Let us end the day by reminding ourselves tonight that this is the twelfth year of the Twenty-first century. It’s a long time since infant orphans were shoved up dirty chimneys. It’s 175 years since a Duke was leader of the Conservative Party. It is 67 years since a landslide victory gave the Labour Party a clear majority government for the first time. It is 86 years since the Butler Education Act established grammar schools, and created the greatest (and fastest) social mobility in British history. It’s 118 years since non-property owners got the vote, over 80 years since domestic servants were commonplace, and 65 years since the first attempt by any government in the world to release its citizens from the fear of unaffordable medical bills.
When Lord Robert Cecil’s useless nephew was given some naval sinecure at the taxpayer’s expense 105 years ago, the Yellow Press remarked, “It’s alright if Bob’s yer uncle”. The phrase stuck, and ‘Bob’s yer uncle’ entered the English language as shorthand for a done deal.
Times have indeed changed. But some things haven’t.
Today, the Prime Minister David Cameron is on the record – in Hansard no less – as saying, “Look, I don’t mind admitting that I’m rather in favour of helping one’s children with a leg up”. He would be, given that he got his first job at Carlton Communications through his mother-in-law. Says a senior Carlton man at the time, “I thought he was a plank. I would’ve turned him down, but my boss got a call from mumsy-in-law, and that was that”.
The Prime Minister’s rival for the Premiership – and Conservative leadership – is the foul-mouthed exhibitionist bully Boris Johnson. So well in is BoJo with the non-dom unelected Telegraph-owning Barclay twins, he gets a column in the paper whenever he has something to say – and the front-page lead when he challenges Cameron about anything – eg, today’s banner headline about Johnson’s challenge to the PM over more runways at Heathrow.
Both these frontal-lobe driven twerps went to the same school: Eton. I’m all for elites that encourage excellence, but c’mon here, Eton College was founded in 1440 by King Henry VI as “The King’s College of Our Lady of Eton besides Wyndsor”. I mean, that’s 572 years ago.
So here we are in 2012 digital Britain, and the only two chaps with a serious chance of winning a national political pissing contest went to the same school as Robert Walpole, William Pitt, Lord North, the Duke of Wellington, Lord Melbourne, and the Earl of Derby. What all these gentleman not called either Cameron or Johnson have in common is that they became Prime Minister…and they were all born before 1800.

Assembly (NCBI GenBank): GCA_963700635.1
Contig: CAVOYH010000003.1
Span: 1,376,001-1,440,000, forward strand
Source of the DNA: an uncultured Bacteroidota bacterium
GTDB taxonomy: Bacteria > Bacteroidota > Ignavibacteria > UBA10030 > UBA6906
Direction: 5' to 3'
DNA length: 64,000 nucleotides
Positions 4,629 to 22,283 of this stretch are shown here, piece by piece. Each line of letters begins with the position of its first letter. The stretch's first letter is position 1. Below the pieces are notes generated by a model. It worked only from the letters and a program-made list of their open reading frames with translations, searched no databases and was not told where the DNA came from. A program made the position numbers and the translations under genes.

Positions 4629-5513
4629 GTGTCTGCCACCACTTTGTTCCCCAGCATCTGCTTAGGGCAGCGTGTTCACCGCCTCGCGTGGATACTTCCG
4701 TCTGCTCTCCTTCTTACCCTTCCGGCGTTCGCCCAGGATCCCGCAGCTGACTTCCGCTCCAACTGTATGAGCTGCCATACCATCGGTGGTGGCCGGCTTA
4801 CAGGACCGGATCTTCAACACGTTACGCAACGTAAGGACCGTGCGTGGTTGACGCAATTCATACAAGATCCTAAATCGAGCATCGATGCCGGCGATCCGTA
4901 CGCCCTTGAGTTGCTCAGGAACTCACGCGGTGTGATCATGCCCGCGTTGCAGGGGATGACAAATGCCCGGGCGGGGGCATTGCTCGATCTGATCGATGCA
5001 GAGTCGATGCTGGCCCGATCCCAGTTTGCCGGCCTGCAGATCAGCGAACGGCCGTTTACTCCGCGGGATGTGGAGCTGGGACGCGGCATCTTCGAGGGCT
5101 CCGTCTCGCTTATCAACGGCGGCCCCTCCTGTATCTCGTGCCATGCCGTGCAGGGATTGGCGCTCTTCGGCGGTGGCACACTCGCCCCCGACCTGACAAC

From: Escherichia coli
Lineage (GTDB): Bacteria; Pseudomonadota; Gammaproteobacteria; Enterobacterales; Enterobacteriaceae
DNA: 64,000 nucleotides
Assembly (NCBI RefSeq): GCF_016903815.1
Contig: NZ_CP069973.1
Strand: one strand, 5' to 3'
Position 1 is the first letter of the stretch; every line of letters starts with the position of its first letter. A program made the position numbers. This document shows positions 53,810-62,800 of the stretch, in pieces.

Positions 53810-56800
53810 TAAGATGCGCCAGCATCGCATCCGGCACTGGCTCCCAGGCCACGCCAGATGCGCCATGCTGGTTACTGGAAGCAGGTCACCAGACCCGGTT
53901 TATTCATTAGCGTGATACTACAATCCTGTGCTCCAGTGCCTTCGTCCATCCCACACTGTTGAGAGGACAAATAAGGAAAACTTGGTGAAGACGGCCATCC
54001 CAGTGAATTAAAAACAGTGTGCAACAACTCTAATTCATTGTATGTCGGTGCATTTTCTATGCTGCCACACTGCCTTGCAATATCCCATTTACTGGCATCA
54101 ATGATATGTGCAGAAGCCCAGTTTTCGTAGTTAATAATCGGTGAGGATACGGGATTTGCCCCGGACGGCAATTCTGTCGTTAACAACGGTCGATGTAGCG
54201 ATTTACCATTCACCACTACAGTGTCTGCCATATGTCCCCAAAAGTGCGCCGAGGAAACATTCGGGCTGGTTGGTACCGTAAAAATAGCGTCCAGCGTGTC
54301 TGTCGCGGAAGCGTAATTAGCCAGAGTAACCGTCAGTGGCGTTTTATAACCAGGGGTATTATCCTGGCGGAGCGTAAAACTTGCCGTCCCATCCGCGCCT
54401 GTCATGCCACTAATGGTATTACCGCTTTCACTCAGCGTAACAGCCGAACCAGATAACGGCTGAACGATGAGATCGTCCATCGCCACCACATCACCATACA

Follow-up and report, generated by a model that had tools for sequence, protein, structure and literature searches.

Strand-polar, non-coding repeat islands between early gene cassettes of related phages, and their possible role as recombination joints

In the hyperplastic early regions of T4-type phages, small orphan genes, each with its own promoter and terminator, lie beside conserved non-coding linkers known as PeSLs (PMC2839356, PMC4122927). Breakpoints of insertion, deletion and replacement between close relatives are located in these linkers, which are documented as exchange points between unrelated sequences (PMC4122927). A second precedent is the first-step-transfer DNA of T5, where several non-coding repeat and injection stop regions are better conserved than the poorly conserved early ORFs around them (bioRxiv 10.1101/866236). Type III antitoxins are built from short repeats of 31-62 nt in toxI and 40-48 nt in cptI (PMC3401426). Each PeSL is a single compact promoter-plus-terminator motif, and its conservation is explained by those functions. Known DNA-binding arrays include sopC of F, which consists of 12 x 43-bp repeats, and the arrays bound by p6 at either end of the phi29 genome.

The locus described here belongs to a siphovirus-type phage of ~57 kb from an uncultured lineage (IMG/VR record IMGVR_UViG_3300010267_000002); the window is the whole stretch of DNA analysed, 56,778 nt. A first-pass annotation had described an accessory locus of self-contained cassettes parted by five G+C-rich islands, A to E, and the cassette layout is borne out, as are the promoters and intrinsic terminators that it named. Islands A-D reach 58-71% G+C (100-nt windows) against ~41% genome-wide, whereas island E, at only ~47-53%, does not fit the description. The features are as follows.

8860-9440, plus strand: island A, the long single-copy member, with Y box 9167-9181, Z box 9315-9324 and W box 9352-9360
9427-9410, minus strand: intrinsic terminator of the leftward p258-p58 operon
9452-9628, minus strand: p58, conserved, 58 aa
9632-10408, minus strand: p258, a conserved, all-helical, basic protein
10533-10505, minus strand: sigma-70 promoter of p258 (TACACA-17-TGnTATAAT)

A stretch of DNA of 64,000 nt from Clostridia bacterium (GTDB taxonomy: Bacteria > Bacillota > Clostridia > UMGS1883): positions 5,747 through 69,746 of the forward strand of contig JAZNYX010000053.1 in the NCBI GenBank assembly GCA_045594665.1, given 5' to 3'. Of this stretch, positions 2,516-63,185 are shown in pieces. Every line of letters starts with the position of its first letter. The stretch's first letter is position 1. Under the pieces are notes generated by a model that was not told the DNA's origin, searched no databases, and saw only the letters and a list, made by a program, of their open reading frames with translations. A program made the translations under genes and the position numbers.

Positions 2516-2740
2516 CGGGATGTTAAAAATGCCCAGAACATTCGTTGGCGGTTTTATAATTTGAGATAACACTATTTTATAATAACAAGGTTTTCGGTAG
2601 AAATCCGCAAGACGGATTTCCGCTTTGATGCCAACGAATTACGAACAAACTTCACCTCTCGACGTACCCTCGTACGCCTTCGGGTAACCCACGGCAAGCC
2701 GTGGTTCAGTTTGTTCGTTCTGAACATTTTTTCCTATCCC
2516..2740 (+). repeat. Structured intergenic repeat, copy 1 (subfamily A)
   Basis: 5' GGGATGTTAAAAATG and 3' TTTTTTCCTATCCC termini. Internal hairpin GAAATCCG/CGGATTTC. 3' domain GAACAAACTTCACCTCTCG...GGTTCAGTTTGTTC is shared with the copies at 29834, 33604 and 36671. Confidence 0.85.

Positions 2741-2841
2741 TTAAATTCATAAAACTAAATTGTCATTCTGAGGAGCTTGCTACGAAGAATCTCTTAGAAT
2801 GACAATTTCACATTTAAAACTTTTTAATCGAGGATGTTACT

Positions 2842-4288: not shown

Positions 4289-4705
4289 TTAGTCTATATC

For God’s sake, that’s 212 years ago. The French Revolution was only eleven years old. George III still harboured hopes of getting the American colonies back. Napoleon was emerging from obscurity. Even Johnny Carson was a novice.
It seems to me that the choice facing the Conservative Party is whether to be the One Nation Party beloved of Disraeli the outsider…or the One School Party favoured by all those who prefer the idea of equality of Old Etonians to equality of opportunity…or even equality before the Law – aka, a meritocracy.
I would of course love to record here that Her Majesty’s Progressive Opposition wants that same meritocracy. But it doesn’t. Today, leftwingers have been mainly drivelling on about how few women there are in the ‘new’ Camerlot Cabinet. As a political grouping, they adhere to a different kind of leg up: the affirmative action in favour of people who perhaps can’t do the job, but do have the unfair advantage of being in an ethnic, gender or sexual orientation minority. I have for many years complained that I want to be the new lead singer of The Supremes, and it is a dibollockallibty that I keep being rejected simply because I’m not black, female, or capable of singing in tune.
David Cameron made a pledge in 2010 that a third of his Cabinet would be women. He was a mindless pillock for making that promise. Labour’s Harriet Harman wants to pass a law making equal gender representation in Cabinet obligatory. The last thing she would ever want to do is oblige a Tory, but in setting herself this deranged objective she adheres to precisely the same class bigotry: that the club membership is more important than the talent.
There is social class, the political class, the gender class, the minority class, and probably even the Class of ’68. But it all adds up to the same thing: unwarranted privilege. It remains the cancer in British society, and one of the greates shackles holding us back.